It is shown that the high southern latitude cyclone system density is greatest in the Indian Ocean and to the south of Australia near, or to the south of, 60°S. The numbers in winter exceed those in summer, except over a few, but important, regions such as the Bellingshausen Sea. The Antarctic coastal region is confirmed as one of high cyclonicity, as is that in the northern part of the Antarctic Peninsula and over and to the north of Drake Passage. Cyclolysis is much more confined to the near-coastal region. The mean intensity, radius, and depth of subantarctic cyclones assume their largest values near 60°S.

It is shown that the rate of change of cyclone central pressure is not a particularly useful gauge of intensification in the Southern Hemisphere, where large spatial variations of climatological pressure are found. When appropriate adjustments are made, it is found that the “corrected” central pressure of cyclones is seen to increase along the track for most systems found south of 45°S. The paper also documents the range of starting points of 4-day 500-hPa trajectories that reach points on the Antarctic coast. The broad frequency distribution reflects the very energetic nature of synoptic activity in the region. The counts of cyclones in the 21 yr of NCEP–DOE analyses show negative trends over most of the subantarctic region. At the same time, however, the annual mean cyclone intensity, radius, and depth all exhibit increases.

Finally, the frequency of occurrence of rapidly developing cyclones (or “bombs”) in the subantarctic environment is determined, and it is found that they are not uncommon features. Their number shows a maximum in winter but, unlike the Northern Hemisphere situation, many are also found in summer.

Full access
Ian Simmonds, Kevin Keay, and John Arthur Tristram Bye

Abstract

Presented here is an objective approach to identify, characterize, and track Southern Hemisphere mobile fronts in hemispheric analyses of relatively modest resolution, such as reanalyses. Among the principles in its design were that it should be based on broadscale synoptic considerations and be as simple and easily understood as possible. The resulting Eulerian scheme has been applied to the European Centre for Medium-Range Weather Forecasts (ECMWF) Re-Analysis (ERA)–Interim and a climatology of frontal characteristics, at both the 10-m and 850-hPa levels, derived for the period 1 January 1989–28 February 2009. The knowledge of the character of these features is central to understanding weather and climate over the hemisphere.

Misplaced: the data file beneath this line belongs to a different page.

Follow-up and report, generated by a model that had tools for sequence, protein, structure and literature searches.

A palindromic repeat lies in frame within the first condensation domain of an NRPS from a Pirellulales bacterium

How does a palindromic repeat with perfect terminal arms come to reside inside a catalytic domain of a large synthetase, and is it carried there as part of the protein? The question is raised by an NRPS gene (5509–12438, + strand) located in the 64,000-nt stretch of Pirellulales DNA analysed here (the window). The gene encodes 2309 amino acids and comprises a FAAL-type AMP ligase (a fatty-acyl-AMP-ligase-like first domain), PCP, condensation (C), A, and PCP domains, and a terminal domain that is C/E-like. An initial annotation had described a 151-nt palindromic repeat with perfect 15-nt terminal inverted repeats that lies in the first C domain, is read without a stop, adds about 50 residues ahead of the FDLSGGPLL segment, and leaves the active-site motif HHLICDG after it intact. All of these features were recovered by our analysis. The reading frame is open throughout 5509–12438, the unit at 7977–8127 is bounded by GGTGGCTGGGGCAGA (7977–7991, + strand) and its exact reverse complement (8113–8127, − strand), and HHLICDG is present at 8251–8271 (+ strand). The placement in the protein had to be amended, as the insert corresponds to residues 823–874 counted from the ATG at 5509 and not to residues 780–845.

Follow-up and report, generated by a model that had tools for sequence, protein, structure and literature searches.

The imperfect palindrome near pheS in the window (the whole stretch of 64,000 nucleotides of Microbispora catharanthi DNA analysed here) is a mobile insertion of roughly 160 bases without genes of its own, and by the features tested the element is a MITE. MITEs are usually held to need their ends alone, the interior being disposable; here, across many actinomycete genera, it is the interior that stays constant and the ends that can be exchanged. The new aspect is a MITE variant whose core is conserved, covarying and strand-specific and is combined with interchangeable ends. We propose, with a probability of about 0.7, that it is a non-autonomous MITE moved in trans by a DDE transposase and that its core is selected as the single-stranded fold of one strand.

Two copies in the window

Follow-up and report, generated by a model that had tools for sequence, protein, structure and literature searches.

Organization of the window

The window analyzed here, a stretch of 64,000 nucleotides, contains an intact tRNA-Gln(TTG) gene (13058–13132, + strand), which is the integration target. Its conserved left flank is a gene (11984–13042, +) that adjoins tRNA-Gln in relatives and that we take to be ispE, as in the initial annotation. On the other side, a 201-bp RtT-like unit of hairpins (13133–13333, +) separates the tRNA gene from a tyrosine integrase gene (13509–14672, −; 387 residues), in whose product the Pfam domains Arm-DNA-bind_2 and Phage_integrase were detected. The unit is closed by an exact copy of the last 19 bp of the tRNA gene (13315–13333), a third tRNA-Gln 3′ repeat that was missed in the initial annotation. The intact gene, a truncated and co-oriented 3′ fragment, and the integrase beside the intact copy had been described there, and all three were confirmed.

In both summer and winter the latitude belt 40°–60°S hosts the highest frequency of frontal points, but there are significant zonal asymmetries within this band. The climatology reveals that the longest fronts are in the Indian Ocean where mean lengths exceed 2000 km. The mean frontal intensity over the hemisphere tends to be greater at 850 hPa than at 10 m, and greater in winter than in summer. The frontal intensity also shows its maximum in the Indian Ocean. In the mean, the meridional tilt of these fronts is northwest–southeast over much of the midlatitudes and subtropics, and increases with latitude toward the equator. The tilts are of overwhelmingly opposite sign in the coastal Antarctic and subantarctic regions.

Broadly speaking, the number of fronts and their mean length and mean intensity exhibit maxima in winter in the midlatitudes (30°–50°S), but show a sizeable semiannual variation (maxima in fall and spring) during the year at higher latitudes.

Full access
Helena A. Flocas, Ian Simmonds, John Kouroutzoglou, Kevin Keay, Maria Hatzaki, Vicky Bricolas, and Demosthenes Asimakopoulos

Abstract